It has been quite a while since picking up the written word. I've been spending a lot of time in front of a screen lately, either computer or television. I watch my shows or obsess a bit too much over Facebook, reddit, or Pinterest. I am a complete and utter nerd or geek or whatever the heck you want to call it. I watch anime even though I am a 28 year old mother of two. (I don't exactly fit the profile of the overweight neckbeard-type that you'd expect to watch that kind of thing. But I'll speak more on that another time.) I think it is a way to avoid reality sometimes. Those screens allow you to completely zone out.
Either way, let's rewind to Black Friday, that consumer driven day after Thanksgiving that companies will do anything to get you to spend your hard earned dollar. I fell into Amazon's Black Friday trap of "Kindles only $49 this weekend only!" or something along those lines. I bought a Kindle Paperwhite for about $20 or $30 off the original price. Around $99ish I believe. I am a complete cheapskate, so this was a bit of an abnormal purchase for me. I filled the thing up with some classic novels that are free because they don't fall under current copyright laws or something along those lines. I attempted to start reading "A Tale of Two Cities" by Charles Dickens, but my brain almost imploded after just a few pages. I will set that one aside for another time, or at least until I've gotten used to reading again.
There was a time in the past when I wasn't afraid to pick up a book way over my reading level. I remember the first time I did just that. I think I was in second or third grade. The books at my elementary school library were color coded for each grade level or reading level. I was poking around in the bookcase with the fifth grade books, and found a pretty book with a girl riding a dolphin on the cover. It was "A Ring of Endless Light" by Madeleine L'Engle. It was way over my current level, and there were A LOT of pages. I checked it out anyway. I remember trying to read the book that night, and only understanding some of it. The words were long and confusing, but I got the general gist of the story. I loved it. I was able to brag to my teachers and friends that I had read a hard book all the way through. It made me feel smart and a bit better than my peers, and to my third grade ego this felt good.
Thus began my love affair with books. I had an almost insatiable craving to read as I got older. I remember a particular instance during Summer vacation after I was in seventh grade. We had gone to the library the day before, and I had checked out a large stack of YA books of different genres and sizes. I mostly had an affinity to fantasy and adventure. I can't remember how many I checked out, but it had to have been about 8-10 different books. I charged through all of them in one day. When my mom got home that night, she was partly annoyed and impressed that I wanted to go to the library again for a new stack of reading material. I had gotten to the point to where I had achieved quite an impressive speed in my ability to read.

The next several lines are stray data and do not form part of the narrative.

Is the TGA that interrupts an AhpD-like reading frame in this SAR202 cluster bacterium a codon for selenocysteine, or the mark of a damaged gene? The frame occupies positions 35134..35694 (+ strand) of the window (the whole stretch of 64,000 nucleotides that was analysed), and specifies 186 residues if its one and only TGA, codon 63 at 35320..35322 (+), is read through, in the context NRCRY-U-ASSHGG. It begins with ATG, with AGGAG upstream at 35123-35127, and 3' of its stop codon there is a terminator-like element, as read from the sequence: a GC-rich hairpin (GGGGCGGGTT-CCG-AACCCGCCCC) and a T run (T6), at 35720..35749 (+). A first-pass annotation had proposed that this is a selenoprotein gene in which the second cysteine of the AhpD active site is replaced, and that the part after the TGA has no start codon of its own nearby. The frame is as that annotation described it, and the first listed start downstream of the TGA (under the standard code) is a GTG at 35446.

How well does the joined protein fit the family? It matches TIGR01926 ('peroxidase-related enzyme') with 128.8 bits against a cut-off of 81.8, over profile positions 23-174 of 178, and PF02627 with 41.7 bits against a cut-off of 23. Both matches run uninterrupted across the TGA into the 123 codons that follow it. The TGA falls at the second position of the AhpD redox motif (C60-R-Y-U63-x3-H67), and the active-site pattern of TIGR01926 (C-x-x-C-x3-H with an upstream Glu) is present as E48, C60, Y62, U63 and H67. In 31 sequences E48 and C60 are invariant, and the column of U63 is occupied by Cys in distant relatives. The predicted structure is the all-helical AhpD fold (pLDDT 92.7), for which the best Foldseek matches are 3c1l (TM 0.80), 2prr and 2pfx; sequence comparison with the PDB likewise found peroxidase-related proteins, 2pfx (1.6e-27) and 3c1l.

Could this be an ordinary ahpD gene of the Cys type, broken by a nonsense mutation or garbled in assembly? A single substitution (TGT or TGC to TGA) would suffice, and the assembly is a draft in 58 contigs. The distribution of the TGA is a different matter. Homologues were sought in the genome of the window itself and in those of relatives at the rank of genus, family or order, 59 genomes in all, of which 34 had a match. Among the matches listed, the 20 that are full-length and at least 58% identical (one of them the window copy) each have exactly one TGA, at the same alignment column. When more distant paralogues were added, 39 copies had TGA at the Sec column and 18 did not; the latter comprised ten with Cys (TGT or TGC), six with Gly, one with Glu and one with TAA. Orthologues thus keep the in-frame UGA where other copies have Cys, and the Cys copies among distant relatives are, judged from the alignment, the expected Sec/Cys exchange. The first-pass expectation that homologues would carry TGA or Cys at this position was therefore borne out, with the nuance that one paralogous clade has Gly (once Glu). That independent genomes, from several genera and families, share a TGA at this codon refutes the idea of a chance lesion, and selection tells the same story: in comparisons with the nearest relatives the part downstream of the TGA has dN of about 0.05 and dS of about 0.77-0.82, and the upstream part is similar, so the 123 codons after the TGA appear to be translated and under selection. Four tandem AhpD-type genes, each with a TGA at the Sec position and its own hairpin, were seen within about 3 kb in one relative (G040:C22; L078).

I was the one in my high school classes that got into trouble by my teachers because instead of paying attention to the lessons my face was obscured by some random novel. I kind of miss those days and those stories that I read. I got married right after high school. Then I had children about a year after that. Nowadays, I have two children, the average stay at home wife. Well, maybe not that average. I homeschool my oldest, a little seven year old computer gamer named Kaleb. He isn't even remotely interested in reading. It breaks my heart a bit. But it is honestly probably my fault that he's not interested. I hardly read anymore, and children learn what they observe. And that is where the guilt comes in. So, I bought a Kindle and two days ago, bought a trilogy of books for super cheap on the Kindle store. I began to read a fantasy novel called "The Mistborn Trilogy" by Brian Sanderson. It is bringing back all that nostalgia from when I was younger, and read books like normal people drink water.
I haven't finished it yet, and I'm nowhere near as fast a reader as I was back in my high school days, but damn it feels good to read a book again. Even if I have changed from reading a traditional ink and paper novel to the new technology of an e-reader. So here's to new stories, new books, and new adventures.